On the 5th day of August he arrived at that place. It is situated on the top of a high hill on the west side of Catawba, just below the mouth of Rocky Creek (3 miles below where now stands the United States establishment). The base of the mount is bounded by the river on the east and the Creek on the north. The log buildings which were fortified with abatis and had loop holes to shoot through, stood on the summit of the mount and was held by Colo. Turnbull with a party of British & some Tories, supposed 150 in the whole. The slope from the top of the hill was gradual and nearly equal on all sides and the land cleared; no swell in the ground to shelter them from the Enemy’s fire, only on the west a ledge of a blackish kind of Rocks at the distance of 140 yards from the houses. The Men were drawn up in line below these Rocks and advanced up to them and a party was sent round on each flank; a brisk fire commenced on both sides which lasted a considerable time and great exertions were made by the assailants to discover some point where they might carry the works but found them equally difficult at all points. The Enemy were under cover in the fortified buildings and sustained but little damage from the Americans and the Rocks were not so extensive as to shelter them from the fire of the British. The General finding it impossible to take the place without artillery to batter the Houses ordered a retreat. Col. Andrew Neal (of York) a young man of much promise and much regretted, and two others were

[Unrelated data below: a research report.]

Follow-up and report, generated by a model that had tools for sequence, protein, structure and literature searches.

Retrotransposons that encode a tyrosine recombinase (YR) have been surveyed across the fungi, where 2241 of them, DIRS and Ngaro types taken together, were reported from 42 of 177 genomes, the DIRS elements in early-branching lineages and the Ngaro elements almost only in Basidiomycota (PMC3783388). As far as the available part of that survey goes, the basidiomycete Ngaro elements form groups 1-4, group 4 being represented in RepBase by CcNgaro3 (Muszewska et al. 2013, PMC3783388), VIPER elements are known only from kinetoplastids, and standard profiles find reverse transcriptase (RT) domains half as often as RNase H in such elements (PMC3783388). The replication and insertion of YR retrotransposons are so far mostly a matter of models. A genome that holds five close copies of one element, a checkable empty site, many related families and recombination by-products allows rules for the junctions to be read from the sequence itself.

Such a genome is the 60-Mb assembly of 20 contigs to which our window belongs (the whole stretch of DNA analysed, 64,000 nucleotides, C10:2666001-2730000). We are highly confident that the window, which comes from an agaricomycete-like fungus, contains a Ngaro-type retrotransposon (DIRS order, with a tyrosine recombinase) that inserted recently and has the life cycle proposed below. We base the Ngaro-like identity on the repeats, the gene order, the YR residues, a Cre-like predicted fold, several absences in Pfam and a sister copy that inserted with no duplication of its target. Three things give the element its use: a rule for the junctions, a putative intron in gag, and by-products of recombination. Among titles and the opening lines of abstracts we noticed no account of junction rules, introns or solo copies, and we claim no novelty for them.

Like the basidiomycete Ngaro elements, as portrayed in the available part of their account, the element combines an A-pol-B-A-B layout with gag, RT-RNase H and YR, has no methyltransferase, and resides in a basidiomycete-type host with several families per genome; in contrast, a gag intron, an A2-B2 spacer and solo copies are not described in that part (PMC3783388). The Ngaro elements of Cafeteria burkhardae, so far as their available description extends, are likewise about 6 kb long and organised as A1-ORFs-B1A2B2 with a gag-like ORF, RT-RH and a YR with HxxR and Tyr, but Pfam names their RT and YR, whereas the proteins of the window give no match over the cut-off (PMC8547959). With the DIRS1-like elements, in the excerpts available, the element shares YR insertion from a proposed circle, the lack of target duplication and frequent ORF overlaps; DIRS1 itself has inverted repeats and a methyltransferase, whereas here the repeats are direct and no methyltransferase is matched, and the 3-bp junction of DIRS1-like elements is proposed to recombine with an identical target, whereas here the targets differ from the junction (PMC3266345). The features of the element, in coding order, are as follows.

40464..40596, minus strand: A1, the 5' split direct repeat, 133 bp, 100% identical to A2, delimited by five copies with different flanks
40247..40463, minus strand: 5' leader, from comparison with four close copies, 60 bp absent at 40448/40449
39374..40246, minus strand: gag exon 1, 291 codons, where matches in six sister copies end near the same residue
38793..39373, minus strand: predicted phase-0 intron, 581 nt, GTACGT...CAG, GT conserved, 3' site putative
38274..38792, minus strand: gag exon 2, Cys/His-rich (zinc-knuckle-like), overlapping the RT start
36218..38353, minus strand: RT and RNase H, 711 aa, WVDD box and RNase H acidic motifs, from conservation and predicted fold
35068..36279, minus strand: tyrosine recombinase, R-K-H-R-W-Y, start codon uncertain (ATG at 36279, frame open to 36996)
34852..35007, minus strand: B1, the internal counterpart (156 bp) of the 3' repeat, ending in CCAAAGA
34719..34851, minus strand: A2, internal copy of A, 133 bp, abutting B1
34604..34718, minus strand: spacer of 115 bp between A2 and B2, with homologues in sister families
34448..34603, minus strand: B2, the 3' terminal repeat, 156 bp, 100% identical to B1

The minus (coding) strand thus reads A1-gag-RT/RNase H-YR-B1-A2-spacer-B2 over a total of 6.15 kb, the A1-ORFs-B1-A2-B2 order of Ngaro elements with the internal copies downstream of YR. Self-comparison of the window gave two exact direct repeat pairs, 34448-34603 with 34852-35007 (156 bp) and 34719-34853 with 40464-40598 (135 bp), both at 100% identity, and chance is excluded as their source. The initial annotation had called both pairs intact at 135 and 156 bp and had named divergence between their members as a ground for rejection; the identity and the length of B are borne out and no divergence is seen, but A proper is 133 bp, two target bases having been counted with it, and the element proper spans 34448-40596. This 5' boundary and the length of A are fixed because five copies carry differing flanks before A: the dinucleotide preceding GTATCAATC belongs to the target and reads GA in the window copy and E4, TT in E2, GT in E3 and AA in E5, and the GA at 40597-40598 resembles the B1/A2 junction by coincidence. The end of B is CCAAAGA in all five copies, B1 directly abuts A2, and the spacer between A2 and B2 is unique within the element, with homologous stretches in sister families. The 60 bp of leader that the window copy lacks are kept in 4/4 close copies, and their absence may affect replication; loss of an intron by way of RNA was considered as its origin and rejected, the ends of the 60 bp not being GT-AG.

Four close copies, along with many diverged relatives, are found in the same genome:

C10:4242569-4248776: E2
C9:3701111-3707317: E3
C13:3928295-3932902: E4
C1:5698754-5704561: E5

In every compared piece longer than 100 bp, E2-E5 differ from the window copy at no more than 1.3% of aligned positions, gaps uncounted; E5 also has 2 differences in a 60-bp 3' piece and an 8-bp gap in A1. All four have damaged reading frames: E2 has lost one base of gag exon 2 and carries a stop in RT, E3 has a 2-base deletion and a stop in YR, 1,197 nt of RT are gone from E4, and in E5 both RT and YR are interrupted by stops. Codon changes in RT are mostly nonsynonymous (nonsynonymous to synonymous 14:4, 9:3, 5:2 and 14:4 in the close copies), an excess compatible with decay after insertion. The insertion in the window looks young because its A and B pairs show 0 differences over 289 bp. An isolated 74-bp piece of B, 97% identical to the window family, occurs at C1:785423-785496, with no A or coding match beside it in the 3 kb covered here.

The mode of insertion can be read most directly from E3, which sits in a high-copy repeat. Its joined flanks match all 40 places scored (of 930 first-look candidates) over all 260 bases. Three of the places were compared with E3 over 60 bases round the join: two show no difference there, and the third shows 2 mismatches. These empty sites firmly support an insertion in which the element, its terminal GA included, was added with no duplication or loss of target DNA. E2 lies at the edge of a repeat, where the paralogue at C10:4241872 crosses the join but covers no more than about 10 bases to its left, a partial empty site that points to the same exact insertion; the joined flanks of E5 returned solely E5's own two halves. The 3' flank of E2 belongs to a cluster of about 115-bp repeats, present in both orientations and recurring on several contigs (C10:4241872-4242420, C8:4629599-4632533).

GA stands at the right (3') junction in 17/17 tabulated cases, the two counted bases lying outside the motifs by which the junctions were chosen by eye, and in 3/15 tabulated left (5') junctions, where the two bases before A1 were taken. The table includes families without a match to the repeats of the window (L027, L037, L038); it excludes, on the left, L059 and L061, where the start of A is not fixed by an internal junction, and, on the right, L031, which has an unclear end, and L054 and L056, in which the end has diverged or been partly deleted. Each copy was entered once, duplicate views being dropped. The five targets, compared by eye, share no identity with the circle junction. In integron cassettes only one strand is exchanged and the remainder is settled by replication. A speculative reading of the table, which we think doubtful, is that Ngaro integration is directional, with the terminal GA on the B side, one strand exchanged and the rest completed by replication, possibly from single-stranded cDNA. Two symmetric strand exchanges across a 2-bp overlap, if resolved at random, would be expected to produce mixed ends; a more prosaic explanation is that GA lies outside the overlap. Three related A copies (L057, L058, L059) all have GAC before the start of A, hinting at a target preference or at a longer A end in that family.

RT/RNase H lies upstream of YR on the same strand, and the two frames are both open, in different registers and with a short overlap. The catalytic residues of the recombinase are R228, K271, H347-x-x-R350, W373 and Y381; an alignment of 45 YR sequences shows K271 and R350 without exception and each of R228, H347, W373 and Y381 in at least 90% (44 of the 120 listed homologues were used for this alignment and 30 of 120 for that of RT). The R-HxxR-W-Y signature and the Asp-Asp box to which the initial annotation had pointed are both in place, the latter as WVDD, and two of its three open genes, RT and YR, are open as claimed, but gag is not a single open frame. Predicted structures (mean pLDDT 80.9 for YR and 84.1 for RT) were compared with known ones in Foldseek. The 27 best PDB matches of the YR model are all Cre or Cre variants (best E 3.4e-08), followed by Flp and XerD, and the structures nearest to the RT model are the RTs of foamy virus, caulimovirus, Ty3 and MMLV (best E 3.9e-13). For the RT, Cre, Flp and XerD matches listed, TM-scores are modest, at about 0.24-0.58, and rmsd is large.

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killed and 6 wounded.2 The enemy did not attempt to annoy him on the retreat. He moved up the river and the next day crossed at Landsford where he met Colo. Irwin from Mecklenburg, with a considerable reinforcement, who had not time to join after the orders issued at Clem’s branch, 25 July. By slow movements he kept up Waxhaw Creek until he forwarded his wounded to the hospital at Charlotte. Some other small parties continued to join and he determined to attack the Enemy at Hanging Rock. He had discovered that his men, while marching and fighting and fighting and marching would keep with him, but to encamp and remain stationary he might calculate with certainty his force might diminish; therefore if he fialed in his enterprise the loss to the Country would only be those who were killed and wounded, the remainder might be organized in a short time as formidable as before. If he succeeded it would considerably weaken the Enemy’s effective force and have considerable weight in the operations which he expected shortly would take place. Having made all the necessary arrangements circumstances would permit the General ordered the troops to march on the evening of the 5th of August with a view to attack the enemy early on the next morning; the Enemy’s force was estimated at more than 500 and upwards of half were Regulars. General Sumpter marched in the night 16 miles and early on the 6th of August the sound of Horse Bells and the smoke settled along the valley of Hanging Rock Creek apprised them they were near the Enemy’s encampment.